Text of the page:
I agree that there is not a Constitutional right to SSM, or any particular type of marriages, or any marriage, as far as that goes. It has arisen in many ways, in different cultures. It seems to have gravitated to becoming enshrined in law.

http://en.wikipedia.org/wiki/Marriage

has comments on a number of origins and purposes for marriage.

We are trying to find a workable definition. It will be a long process.

Later: The whole 9th Circuit will not be reviewing the decision. On to the USSC.


Kind of surprised about the lack of en banc review.

Of course, this is exactly the kind of narrow decision the SCOTUS just loves to deny cert on...
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Postby portia » Tue Jun 05, 2012 5:06 pm

Yes, it definitely could be. They have limited time, and only CA, as far as I know, would be affected. Stay tuned.
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Postby Voronwe_the_Faithful » Wed Jun 06, 2012 9:10 am

Arvegil wrote:Kind of surprised about the lack of en banc review.



The conservative members of the court issues a scathing dissent to the denial of the petition. That is almost unheard of.

The only thing keeping me from agreeing that the SCOTUS will adopt the limited argument made by the Ninth is the fact that they also have the First Circuit's DOMA decision to deal with. If they consolidate the cases it may result in a more sweeping decision. One way or the other.
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Postby portia » Thu Jun 07, 2012 7:04 am

If they are consolidated it would have to be a more sweeping decision, IMO. The Ninth Circuit tried to avoid the question of federal rights or other state's treatment of same sex marriages. It emphasized that the rights of civil union couples are exactly the same as the rights of heterosexual married couples, with only the name of "marriage" being different.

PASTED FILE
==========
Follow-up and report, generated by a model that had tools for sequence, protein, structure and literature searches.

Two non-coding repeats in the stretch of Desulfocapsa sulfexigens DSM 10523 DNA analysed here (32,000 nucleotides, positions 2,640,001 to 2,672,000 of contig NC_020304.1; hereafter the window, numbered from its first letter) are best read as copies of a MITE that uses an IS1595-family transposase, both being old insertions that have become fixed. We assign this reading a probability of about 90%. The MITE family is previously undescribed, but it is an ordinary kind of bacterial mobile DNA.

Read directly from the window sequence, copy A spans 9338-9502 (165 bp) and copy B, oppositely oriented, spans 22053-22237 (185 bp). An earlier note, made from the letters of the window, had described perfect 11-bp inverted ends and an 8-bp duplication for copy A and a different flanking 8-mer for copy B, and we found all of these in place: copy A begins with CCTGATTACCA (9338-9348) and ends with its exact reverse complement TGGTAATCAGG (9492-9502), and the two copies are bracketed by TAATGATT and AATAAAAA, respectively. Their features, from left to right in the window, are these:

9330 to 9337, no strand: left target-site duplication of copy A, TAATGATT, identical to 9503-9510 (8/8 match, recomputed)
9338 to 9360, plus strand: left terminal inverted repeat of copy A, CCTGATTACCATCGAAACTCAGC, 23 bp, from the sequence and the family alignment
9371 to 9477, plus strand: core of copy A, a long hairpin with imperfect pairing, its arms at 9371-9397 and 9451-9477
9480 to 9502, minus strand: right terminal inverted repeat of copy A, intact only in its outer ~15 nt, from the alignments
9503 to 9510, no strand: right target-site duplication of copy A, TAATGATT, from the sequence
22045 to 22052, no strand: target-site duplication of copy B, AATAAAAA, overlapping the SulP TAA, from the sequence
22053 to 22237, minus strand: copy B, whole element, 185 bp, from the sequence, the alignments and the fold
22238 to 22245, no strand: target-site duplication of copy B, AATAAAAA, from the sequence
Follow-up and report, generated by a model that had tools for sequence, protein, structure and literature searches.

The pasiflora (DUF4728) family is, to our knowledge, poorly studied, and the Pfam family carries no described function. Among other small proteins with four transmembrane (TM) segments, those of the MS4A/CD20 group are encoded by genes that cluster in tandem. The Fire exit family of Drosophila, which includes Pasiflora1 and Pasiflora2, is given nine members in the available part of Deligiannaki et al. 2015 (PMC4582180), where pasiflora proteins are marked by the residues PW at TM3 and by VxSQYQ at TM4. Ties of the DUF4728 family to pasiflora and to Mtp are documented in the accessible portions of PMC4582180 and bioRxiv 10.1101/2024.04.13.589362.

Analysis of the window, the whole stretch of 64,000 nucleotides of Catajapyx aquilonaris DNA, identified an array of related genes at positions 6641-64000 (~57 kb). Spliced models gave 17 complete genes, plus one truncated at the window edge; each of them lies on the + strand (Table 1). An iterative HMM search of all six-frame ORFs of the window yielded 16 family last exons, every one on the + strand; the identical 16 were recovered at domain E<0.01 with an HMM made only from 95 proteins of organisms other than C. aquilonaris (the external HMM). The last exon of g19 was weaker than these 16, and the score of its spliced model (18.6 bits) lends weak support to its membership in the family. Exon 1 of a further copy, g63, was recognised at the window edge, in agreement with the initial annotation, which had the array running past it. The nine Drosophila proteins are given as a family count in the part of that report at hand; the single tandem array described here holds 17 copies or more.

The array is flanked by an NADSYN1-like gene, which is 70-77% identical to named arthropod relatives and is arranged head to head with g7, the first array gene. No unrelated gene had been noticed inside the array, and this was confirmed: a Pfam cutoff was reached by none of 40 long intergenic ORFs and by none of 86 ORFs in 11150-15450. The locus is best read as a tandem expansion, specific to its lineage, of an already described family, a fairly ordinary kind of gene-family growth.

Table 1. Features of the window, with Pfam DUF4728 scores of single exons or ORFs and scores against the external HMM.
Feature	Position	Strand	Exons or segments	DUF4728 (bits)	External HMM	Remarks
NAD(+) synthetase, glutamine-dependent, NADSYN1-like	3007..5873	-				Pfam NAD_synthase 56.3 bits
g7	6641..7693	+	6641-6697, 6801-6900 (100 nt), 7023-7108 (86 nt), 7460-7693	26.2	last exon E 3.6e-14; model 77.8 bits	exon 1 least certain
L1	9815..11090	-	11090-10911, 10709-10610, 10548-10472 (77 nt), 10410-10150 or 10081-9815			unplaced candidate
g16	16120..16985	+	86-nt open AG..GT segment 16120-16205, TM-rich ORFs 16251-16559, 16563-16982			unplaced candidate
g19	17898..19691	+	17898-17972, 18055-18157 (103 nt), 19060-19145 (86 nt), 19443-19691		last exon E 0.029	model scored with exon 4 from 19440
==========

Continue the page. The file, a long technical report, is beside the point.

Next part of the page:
However, the First Circuit's decision showed that there is, in fact, unequal treatment at the federal level and interstate level, between same sex marriages and heterosexual marriages, even if the couples were married under the same state law. I think that casts a different light on the Ninth Circuit's decision.

Does the First Circuit's decision undermine the reasoning of the Ninth Circuit?
Can they be reconciled some way?
Is this too narrow an issue to have to be decided by the Supreme Court?

No answers, now, from me. I am too busy otherwise, but if I let it rest in the back of my mined, I may have another comment, later.
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Postby Voronwe_the_Faithful » Thu Jun 07, 2012 7:10 am

Here's my off-beat, outside the box comment.

If the court overturns the healthcare reform law, they may end up ruling that prohibiting same sex marriage is unconstitutional to counter-balance the impression that this is a court with a radical conservative agenda. I know it is not suppose to work that way, but sometimes it does.
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Re: Will California deny peoples' rights in November?

Postby portia » Mon Dec 03, 2012 8:00 am

Today, the US Supreme Court is expected to announce whether it will take up the "Defense of Marriage Act" cases and the petition for Cert. on the Prop 8" case (Oops. Just announced: there will not be an announcement today.)

IMO, it is less likely that the USSC will take up the Prop 8 case, as it arises from almost unique facts. On the other had the Defense of Marriage Act cases affect many, if not all, states.

Stay tuned.
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Re: Will California deny peoples' rights in November?

Postby Arvegil » Wed Dec 05, 2012 3:52 pm

portia wrote:Today, the US Supreme Court is expected to announce whether it will take up the "Defense of Marriage Act" cases and the petition for Cert. on the Prop 8" case (Oops. Just announced: there will not be an announcement today.)

IMO, it is less likely that the USSC will take up the Prop 8 case, as it arises from almost unique facts. On the other had the Defense of Marriage Act cases affect many, if not all, states.

Stay tuned.


Current estimate is Friday or Monday for the word...
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Re: Will California deny peoples' rights in November?

Postby portia » Wed Dec 05, 2012 9:04 pm

If I were a betting woman (I am not, but what the heck?) I would put down fairly serious money that the Court would deny cert. to the California Prop 8 case, letting the Ninth Circuit decision stand and probably grant cert to one or more DOMA case(s). California's case is unique (tho' another state--Colorado, I think--has a similar situation), while the DOMA cases affect all states, one way or the other.
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Re: Will California deny peoples' rights in November?

Postby Voronwe_the_Faithful » Thu Dec 06, 2012 1:34 pm